17 October 2011

Obesogenic Motorgenic Cincinnati

I want to do what is good, but I don't. I don't want to do what is wrong, but I do it anyway. - Romans 7:19

I believe this newly invented word obesogenic is helpful in thinking about how our environment and culture affect our individual bodies. I have had times in my life in which my environment was much healthier, and as a result I was physically much healthier.

For example, in 1986 (I think), I lived for a few months in Spain. While I was there, I had no access to fast food, junk food or even any dairy products. However, I ate whenever I wanted and drank whatever I wanted. I found when I returned home that my clothes were all loose and I felt fantastic. My tastes in food had even changed. Since then, I have tried to recreate that diet, but it is difficult because diet is so integrated into our culture and lifestyle.

I find more and more that the idea that we are all independent and that we are each as individuals totally responsible for our well-being to be false. Yes of course I am responsible for my own actions, but it is an acutely American way of thinking that disallows common action for improvement.

For example, I hate bike riding,... at least in Cincinnati. Yes the hills are one reason, but mostly I ride in the basin, so that is not the main reason. It is just way too dangerous, especially with children. And to take two kids with me on bikes is a huge ordeal. Just getting 3 bikes out the door with 3 helmets and bike locks and lights if it is dark, is just ridiculous. And downtown is not much different than many suburban areas (except that you have a garage to keep all the bikes). I really don't see that many suburban kids out riding beyond their cul-de-sac... because cars rule and it is too dangerous. Nothing like this.

I saw an item a few weeks ago a woman was prosecuted after her son was killed by a car while jaywalking. Frankly, I don't think jaywalking should even be a crime on any residential street. The prosecution of this poor woman is just an indication of how backwards American thinking is about walking vs cars. Cars rule, period.

We live in a motorgenic environment. Motorized vehicles rule our public streets and pedestrians and bicyclists are scared and pushed to the fringes. This attitude ruins cities. It destroys shopping streets, public spaces, streets and sidewalks.

Cars and walkers can only successfully mix if the actions of the car are restrained and the actions of the walkers and bikers are liberated.

We need to change from a motorgenic environment to a muscle-powered, socially oriented, pedestrian friendly environment.

‘We live in an obesogenic environment – a plethora of fast food outlets, reliance on cars, and offers enticing us to eat larger portions …’Professor Mike Kelly – as quoted in the Telegraph 8th October 2003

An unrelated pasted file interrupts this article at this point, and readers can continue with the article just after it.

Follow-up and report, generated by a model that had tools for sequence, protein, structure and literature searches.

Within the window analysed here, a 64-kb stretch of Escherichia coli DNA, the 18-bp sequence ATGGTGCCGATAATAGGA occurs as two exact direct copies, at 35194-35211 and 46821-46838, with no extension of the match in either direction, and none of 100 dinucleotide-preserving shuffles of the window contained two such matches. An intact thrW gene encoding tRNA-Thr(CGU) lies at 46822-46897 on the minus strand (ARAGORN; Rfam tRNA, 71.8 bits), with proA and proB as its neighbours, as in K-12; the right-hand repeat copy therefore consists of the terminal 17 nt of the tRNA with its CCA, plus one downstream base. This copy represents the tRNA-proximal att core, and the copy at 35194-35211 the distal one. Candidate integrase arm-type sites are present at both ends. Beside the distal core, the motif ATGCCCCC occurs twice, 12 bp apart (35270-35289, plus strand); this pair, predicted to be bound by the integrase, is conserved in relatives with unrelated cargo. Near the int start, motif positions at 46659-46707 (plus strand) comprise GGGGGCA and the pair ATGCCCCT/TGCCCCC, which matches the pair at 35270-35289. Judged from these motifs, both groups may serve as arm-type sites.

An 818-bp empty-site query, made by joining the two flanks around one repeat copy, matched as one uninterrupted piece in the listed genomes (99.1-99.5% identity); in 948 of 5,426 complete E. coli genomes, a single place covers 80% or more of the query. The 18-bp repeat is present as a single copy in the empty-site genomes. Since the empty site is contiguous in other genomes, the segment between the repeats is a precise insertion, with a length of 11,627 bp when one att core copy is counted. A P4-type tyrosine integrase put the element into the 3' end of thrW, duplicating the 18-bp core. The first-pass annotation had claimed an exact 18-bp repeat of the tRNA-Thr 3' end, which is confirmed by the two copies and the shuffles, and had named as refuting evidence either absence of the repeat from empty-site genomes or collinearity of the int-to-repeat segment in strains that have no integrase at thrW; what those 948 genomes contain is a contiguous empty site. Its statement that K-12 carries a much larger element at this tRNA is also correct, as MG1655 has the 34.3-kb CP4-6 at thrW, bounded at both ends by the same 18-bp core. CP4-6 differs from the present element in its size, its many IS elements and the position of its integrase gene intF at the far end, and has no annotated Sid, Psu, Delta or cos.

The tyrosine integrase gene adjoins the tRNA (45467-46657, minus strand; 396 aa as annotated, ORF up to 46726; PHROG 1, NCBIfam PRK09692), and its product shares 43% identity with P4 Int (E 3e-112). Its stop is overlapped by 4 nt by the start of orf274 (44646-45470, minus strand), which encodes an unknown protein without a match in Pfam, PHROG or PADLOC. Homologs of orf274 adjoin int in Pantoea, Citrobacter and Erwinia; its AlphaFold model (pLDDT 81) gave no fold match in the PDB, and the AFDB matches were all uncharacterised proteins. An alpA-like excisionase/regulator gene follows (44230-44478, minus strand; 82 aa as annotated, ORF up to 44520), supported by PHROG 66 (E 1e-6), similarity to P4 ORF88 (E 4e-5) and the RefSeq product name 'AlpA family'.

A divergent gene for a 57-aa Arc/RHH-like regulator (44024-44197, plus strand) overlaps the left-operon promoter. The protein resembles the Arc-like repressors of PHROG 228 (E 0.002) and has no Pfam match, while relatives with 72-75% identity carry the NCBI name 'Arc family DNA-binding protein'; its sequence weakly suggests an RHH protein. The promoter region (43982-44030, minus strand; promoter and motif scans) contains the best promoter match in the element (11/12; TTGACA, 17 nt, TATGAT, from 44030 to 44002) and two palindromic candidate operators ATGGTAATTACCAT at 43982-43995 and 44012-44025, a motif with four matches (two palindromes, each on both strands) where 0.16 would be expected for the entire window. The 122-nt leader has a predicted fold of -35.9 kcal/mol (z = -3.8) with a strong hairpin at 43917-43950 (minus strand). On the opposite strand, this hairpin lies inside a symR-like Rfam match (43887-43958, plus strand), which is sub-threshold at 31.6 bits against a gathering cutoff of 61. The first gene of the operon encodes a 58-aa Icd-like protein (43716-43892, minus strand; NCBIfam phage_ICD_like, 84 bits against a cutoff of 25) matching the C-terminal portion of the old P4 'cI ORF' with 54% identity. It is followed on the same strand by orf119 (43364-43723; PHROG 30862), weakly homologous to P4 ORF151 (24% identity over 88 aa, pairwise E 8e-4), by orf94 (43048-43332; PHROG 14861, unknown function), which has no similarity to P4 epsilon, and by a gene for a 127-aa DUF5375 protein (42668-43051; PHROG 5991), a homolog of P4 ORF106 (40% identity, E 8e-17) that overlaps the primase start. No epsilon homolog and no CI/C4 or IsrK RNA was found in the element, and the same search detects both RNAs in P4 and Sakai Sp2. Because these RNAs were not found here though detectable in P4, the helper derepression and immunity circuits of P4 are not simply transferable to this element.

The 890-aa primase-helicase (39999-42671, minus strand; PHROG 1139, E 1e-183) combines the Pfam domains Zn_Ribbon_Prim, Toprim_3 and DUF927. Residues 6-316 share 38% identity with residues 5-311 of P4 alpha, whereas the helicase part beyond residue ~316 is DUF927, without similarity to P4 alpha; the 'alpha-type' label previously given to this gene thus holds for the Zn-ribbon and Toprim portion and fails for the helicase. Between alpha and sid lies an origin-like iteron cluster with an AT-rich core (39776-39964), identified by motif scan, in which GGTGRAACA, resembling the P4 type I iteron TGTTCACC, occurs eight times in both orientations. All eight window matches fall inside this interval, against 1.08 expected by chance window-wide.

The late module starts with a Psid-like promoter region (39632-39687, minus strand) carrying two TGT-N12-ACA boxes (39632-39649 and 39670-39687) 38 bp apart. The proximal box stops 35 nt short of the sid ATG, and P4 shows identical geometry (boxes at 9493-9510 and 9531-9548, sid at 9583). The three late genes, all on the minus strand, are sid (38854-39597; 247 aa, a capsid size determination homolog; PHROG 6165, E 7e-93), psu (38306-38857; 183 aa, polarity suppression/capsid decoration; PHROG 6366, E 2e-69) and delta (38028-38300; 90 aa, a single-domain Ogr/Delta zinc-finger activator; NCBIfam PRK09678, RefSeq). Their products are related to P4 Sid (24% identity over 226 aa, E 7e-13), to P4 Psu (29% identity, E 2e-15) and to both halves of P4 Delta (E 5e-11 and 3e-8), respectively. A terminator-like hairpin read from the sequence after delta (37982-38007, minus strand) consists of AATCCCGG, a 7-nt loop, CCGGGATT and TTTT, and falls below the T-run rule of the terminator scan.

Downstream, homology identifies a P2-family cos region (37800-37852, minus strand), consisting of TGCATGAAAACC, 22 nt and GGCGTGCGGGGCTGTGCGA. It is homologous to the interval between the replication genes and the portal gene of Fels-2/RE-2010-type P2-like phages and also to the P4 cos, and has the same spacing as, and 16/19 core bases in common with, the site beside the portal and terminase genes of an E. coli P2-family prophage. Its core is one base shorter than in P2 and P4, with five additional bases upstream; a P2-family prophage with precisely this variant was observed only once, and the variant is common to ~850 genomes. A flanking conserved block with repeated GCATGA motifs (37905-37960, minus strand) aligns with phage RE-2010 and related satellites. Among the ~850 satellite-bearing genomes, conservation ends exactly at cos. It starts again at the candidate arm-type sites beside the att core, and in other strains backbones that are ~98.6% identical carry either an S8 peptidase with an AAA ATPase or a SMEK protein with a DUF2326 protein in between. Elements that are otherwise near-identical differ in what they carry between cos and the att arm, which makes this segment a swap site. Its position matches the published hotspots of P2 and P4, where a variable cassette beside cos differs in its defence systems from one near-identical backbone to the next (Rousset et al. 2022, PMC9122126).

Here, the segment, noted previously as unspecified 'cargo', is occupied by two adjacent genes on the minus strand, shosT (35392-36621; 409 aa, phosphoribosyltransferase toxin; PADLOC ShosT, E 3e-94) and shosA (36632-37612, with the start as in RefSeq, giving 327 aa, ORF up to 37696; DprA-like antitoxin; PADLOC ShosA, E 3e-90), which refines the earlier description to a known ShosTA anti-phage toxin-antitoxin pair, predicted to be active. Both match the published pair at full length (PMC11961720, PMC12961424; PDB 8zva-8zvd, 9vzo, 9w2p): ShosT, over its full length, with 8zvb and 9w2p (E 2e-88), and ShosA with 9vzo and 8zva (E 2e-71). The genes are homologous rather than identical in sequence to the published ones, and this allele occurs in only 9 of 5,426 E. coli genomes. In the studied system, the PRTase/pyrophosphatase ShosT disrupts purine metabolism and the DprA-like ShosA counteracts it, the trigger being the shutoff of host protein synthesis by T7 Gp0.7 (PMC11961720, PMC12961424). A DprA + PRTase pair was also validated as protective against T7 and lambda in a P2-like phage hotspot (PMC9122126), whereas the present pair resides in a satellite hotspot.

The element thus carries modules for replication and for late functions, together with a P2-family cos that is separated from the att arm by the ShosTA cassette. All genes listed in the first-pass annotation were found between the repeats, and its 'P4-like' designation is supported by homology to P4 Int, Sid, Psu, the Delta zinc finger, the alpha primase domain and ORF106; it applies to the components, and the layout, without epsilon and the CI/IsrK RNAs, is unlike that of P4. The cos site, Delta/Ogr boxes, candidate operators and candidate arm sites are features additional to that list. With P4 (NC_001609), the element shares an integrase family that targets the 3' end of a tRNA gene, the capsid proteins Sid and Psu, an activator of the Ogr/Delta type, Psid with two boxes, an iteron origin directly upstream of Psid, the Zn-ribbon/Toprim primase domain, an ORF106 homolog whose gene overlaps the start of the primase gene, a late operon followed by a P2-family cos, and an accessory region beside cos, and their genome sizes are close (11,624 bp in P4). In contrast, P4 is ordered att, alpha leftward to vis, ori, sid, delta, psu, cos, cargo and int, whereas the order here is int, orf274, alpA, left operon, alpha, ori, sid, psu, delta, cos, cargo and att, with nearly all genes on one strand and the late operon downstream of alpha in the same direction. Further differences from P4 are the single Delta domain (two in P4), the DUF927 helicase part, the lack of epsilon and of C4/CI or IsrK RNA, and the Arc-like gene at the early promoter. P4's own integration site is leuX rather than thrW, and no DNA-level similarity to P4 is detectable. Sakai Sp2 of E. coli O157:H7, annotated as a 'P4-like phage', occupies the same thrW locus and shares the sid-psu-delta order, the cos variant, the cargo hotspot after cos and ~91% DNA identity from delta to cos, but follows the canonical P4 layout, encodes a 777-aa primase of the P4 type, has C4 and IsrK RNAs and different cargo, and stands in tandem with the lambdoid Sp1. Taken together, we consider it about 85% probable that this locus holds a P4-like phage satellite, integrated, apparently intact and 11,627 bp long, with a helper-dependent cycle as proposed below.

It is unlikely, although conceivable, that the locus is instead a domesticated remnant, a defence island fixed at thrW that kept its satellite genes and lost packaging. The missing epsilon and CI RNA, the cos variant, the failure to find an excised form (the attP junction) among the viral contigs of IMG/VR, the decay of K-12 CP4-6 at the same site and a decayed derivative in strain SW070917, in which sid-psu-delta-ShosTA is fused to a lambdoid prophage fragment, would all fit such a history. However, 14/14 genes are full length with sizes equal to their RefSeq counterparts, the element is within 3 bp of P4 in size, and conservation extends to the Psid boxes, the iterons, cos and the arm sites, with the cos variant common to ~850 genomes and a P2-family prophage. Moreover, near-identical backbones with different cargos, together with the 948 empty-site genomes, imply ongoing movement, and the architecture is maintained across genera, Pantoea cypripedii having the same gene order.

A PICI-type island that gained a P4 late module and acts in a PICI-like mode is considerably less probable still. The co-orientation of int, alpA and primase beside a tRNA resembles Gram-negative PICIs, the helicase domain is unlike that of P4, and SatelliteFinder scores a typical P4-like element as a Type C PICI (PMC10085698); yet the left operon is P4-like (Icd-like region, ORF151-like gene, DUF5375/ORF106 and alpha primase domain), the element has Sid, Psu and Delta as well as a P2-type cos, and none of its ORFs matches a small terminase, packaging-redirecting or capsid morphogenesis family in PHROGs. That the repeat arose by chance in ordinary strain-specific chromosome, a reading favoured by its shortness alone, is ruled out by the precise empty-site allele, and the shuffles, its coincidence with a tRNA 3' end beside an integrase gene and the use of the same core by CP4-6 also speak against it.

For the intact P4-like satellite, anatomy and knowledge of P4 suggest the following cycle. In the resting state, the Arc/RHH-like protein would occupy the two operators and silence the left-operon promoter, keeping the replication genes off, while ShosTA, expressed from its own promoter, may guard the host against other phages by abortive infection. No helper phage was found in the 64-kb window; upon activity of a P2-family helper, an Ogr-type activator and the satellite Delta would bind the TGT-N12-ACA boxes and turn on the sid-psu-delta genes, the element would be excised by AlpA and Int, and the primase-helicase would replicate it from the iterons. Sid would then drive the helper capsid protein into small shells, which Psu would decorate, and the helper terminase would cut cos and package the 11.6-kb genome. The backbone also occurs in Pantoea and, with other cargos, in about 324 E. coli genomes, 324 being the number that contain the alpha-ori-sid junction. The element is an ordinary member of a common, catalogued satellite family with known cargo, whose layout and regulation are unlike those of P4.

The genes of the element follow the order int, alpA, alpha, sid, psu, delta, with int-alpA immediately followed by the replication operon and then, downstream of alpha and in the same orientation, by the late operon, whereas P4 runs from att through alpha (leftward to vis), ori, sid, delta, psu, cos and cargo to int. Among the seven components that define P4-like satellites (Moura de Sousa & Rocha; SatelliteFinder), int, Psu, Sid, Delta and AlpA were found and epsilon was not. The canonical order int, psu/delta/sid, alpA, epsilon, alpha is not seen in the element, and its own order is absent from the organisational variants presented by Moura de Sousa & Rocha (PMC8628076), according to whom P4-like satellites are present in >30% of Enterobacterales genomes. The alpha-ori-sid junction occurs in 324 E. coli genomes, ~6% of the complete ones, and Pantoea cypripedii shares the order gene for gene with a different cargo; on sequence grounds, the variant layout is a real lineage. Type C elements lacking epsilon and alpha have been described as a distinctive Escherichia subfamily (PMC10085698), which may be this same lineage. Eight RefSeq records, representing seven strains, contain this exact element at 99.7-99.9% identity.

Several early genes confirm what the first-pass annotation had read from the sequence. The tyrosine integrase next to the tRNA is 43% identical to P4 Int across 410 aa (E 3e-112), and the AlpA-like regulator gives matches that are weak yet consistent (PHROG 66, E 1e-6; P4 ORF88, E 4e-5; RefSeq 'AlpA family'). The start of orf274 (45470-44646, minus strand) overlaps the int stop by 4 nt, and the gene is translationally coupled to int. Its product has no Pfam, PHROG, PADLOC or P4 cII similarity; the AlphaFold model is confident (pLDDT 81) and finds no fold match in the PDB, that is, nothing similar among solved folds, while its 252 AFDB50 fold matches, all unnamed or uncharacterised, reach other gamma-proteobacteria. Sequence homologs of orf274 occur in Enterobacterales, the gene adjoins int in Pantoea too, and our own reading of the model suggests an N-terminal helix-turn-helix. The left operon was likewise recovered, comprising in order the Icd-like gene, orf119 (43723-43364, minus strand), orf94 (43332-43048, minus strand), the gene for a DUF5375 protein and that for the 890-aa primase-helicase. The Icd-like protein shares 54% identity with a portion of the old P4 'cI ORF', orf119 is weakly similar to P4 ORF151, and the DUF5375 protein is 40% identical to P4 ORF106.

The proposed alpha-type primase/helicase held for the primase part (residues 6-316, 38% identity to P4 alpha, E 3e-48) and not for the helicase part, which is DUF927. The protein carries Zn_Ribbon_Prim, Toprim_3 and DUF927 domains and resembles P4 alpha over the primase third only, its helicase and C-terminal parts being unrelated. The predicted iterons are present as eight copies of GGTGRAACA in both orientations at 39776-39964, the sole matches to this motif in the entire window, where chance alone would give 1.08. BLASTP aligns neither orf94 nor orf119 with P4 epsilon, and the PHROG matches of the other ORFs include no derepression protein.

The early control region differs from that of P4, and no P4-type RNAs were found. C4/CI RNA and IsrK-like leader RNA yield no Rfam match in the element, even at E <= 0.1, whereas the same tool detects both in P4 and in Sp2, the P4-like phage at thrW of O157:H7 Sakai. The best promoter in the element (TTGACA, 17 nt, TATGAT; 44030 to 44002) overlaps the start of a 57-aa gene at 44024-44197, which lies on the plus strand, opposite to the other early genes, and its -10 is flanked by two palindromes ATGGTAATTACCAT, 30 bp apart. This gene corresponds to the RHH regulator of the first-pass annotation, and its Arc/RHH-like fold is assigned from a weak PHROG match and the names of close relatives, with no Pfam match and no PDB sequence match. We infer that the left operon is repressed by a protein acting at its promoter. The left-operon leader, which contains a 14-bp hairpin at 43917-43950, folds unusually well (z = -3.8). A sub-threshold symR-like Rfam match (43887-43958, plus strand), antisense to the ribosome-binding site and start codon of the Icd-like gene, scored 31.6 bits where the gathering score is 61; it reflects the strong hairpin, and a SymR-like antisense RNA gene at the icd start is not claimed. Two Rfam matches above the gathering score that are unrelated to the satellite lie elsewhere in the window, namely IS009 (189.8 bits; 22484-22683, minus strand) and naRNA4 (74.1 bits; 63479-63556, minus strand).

Join the movement to move your feet


5chw4r7z said...

Whenever something is suggested in the city the first thing people worry about is how it will affect their drive. I tell them who cares, get out and walk.
Someday I'd like to see Cincinnati do a Sunday Streets program like other cities. Shut down one street, maybe Vine from Fountain Square to the Gateway Quarter. Or 5th St.
Somewhere we have to stop the craziness and start designing cities for people again and not design for cars.

Quimbob said...

I don't think biking in the basin is dangerous but I am an adult & a solitary rider. I have no idea what riding with kids is like.
Can your kids, now or in the future, ride to school?

Albert said...

Your children ride on the sidewalk until they're 15. Adults are supposed to ride in the street (pretty safe in the basin, as Quimbob says) Weekend traffic, particularly in the morning in the basin is very light. Give it a try. And read up on the utility of helmets.

VisuaLingual said...

Schwartz, the recent Midpoint Midway, or whatever it was called, did shut down 12th St. for a few evenings, and it seemed to work out well, accomplishing what you describe. Second Sunday on Main is similar. I think a lot of people would throw a fit if something like that became more frequent!

5chw4r7z said...

VisuaLingual: people get freaked out just from me suggesting it.

Anonymous said...

After so many years living downtown (5 now?) we find ourselves reluctant to make choices that will put us into the car. Of course, we also chose to be downtown because we wanted to stop making choices that wasted half our lives in the car... People say "what can you do downtown?" - the simple answer is we LIVE here. Walking to parks, to the library, to shows, to concerts, to games, to shop, to wander...

5chw4r7z said...

Just got back from 4 days in Manhattan. The biggest impression I have is how skinny everyone was there.